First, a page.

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Imagewerks Account Based Marketing Strategy Benefits

Benefits of an Account Based Marketing Strategy

Posted by Molly Geipel on November 14, 2016 at 4:28 PM

Account Based Marketing is gaining popularity in the B2B marketing world. Account Based Marketing (ABM) has been around for a while, but advancements in automation and marketing technology have caused a resurgence in ABM’s popularity. Here's what you need to know.


ABM is highly targeted marketing aimed at specific accounts, as opposed to the larger net cast by inbound tactics designed to scoop up a wide range of potential leads.


The main idea of an ABM strategy is rather than living account to account with one-off projects, companies secure and nurture a handful of larger accounts that produce the bulk of their business.


In the past, adopting an ABM approach required hiring project and account managers for each individual account. With today’s powerful account management and lead generation technology, much of the legwork can now be automated, making ABM a more feasible solution at a smaller scale.


ABM has many advantages for creating a more efficient approach to marketing that produces the highest ROI and consistent results of any other B2B strategy.


Benefits Account Based Marketing


Quality Over Quantity

Inbound marketing programs can be effective at generating a large pipeline of leads. However, not all of these leads are equally qualified. Many inbound leads can be dead ends. On average, only 1% of leads are actually converted into paying customers. With an ABM approach, you cast a tighter net, but your catch yields a higher return.


In ABM, you may target a list of specific accounts, or you may target a specific segment of your market—i.e. a marketing agency that specializes in food industry clientele, or a consulting firm that works exclusively with startups. Either way, by marketing your services to a small contingency of high-quality, highly-qualified leads, you increase your likelihood of converting.


Overcoming Limitations of Inbound

The typical inbound marketing strategy operates on buyer personas that dictate audience, tone, and content. By design, these personas make generalizations that may gloss over or overlook some of the more pressing issues that individual cohorts of their audience are concerned about. Failing to address these specific issues misses out the opportunity to connect with consumers at the moments when they need your services most.


Going beyond the buyer persona model to address the specific pain points of individual accounts allows you to more effectively show how your services will solve their problems. By identifying their needs and reaching out with a solution, you provide value to your future customers before they ever sign a dotted line. That’s service, and they’ll know they can expect more of the same if they choose to partner with you.


Efficiency of Resources

ABM used to be the domain of large companies who could afford to hire teams devoted to individual accounts. The advancement of marketing automation technology in recent years has made it possible for smaller teams to harness the power of ABM on a more accessible scale.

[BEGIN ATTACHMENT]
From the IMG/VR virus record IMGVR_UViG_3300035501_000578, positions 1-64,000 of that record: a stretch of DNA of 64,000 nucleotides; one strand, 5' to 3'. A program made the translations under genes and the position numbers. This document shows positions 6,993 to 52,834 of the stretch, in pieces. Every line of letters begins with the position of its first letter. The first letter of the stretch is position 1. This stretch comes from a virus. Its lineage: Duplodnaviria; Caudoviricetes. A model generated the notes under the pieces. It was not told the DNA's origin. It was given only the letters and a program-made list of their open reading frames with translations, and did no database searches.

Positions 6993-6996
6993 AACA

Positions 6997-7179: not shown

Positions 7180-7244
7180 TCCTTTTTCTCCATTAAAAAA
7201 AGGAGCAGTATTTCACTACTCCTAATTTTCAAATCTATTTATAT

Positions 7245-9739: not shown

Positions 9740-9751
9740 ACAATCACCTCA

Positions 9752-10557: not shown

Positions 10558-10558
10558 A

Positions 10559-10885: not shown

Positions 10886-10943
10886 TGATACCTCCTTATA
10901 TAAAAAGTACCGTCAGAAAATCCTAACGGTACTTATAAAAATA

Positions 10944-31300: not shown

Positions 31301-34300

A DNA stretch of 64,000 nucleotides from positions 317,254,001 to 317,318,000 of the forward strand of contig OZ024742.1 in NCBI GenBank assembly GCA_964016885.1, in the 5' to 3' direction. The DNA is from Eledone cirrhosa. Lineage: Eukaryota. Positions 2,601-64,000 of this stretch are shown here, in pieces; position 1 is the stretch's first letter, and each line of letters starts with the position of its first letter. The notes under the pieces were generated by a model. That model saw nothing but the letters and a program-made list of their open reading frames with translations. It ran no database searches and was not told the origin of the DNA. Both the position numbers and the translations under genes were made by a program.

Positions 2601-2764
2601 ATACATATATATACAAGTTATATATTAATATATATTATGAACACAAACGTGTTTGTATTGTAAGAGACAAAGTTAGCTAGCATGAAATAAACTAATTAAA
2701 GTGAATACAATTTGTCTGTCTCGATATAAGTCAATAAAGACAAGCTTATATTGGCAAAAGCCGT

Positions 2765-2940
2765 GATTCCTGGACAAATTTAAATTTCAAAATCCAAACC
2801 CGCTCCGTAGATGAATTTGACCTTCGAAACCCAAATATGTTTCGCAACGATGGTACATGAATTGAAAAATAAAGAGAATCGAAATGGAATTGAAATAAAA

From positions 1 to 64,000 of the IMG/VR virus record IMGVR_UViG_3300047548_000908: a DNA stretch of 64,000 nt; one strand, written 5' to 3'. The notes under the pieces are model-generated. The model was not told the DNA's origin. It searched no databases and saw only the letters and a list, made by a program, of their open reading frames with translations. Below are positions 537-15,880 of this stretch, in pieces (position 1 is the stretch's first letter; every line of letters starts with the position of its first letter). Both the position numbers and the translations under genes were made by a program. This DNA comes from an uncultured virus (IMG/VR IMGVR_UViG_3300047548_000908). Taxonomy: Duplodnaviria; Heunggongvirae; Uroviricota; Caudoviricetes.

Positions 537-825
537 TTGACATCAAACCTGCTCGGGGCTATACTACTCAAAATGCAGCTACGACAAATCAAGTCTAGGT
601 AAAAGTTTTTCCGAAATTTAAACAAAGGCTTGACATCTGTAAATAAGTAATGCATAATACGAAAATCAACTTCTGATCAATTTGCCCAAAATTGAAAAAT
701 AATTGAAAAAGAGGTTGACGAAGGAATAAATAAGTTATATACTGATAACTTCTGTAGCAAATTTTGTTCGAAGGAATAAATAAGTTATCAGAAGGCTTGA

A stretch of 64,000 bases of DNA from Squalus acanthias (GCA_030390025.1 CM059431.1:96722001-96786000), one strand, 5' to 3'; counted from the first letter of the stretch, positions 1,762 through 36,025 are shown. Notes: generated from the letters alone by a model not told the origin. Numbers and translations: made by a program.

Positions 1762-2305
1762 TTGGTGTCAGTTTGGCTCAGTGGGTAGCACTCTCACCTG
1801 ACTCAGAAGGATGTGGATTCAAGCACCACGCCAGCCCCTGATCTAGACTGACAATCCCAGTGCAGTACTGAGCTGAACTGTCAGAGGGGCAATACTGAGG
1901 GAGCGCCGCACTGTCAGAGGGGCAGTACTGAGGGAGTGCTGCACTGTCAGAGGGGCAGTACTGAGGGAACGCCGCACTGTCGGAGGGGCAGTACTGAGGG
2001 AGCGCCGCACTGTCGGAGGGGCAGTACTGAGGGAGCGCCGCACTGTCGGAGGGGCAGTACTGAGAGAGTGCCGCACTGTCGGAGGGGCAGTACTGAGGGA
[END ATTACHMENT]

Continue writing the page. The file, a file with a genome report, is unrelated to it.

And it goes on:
Marketing automation platforms allow companies to send personalized content and communications to target accounts. These platforms also provide the tools to nurture relationships and tack leads throughout the marketing funnel until they’ve been converted into customers. With the targeting power of ABM and automation technology, marketing teams are able to accomplish more while using fewer resources.


Streamlines Sales & Marketing

For agencies and in-house teams alike, there’s often a disconnect between sales and marketing. The marketing team is responsible for generating leads, and the sales team is responsible for courting and converting leads.


With an ABM approach, these two goals are merged into one process. Creating individualized marketing initiatives for each account requires collaboration between sales and marketing teams that promotes an increased focus on business objectives, more precise calibration of strategy, and ultimately, a more streamlined customer experience.


Bottom line, ABM is good for both you and your customers. Pruning your lead generation process allows you to focus more effort and energy on providing personalized service for each and every account—from the very beginning.


Forming long-term relationships with customers rather than leap-frogging between one-off projects allows you to dig deep and generate strategic ideas for clients based on a depth of knowledge and understanding about their brand that is just not possible to achieve when you work with someone on merely a project-by-project basis.


Implementing ABM is a significant transition that involves adopting new technology and reorganizing the way your sales and marketing teams work together, but the long-term benefits for your business are undeniable.


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Topics: marketing strategy, Marketing automation, Account Based Marketing

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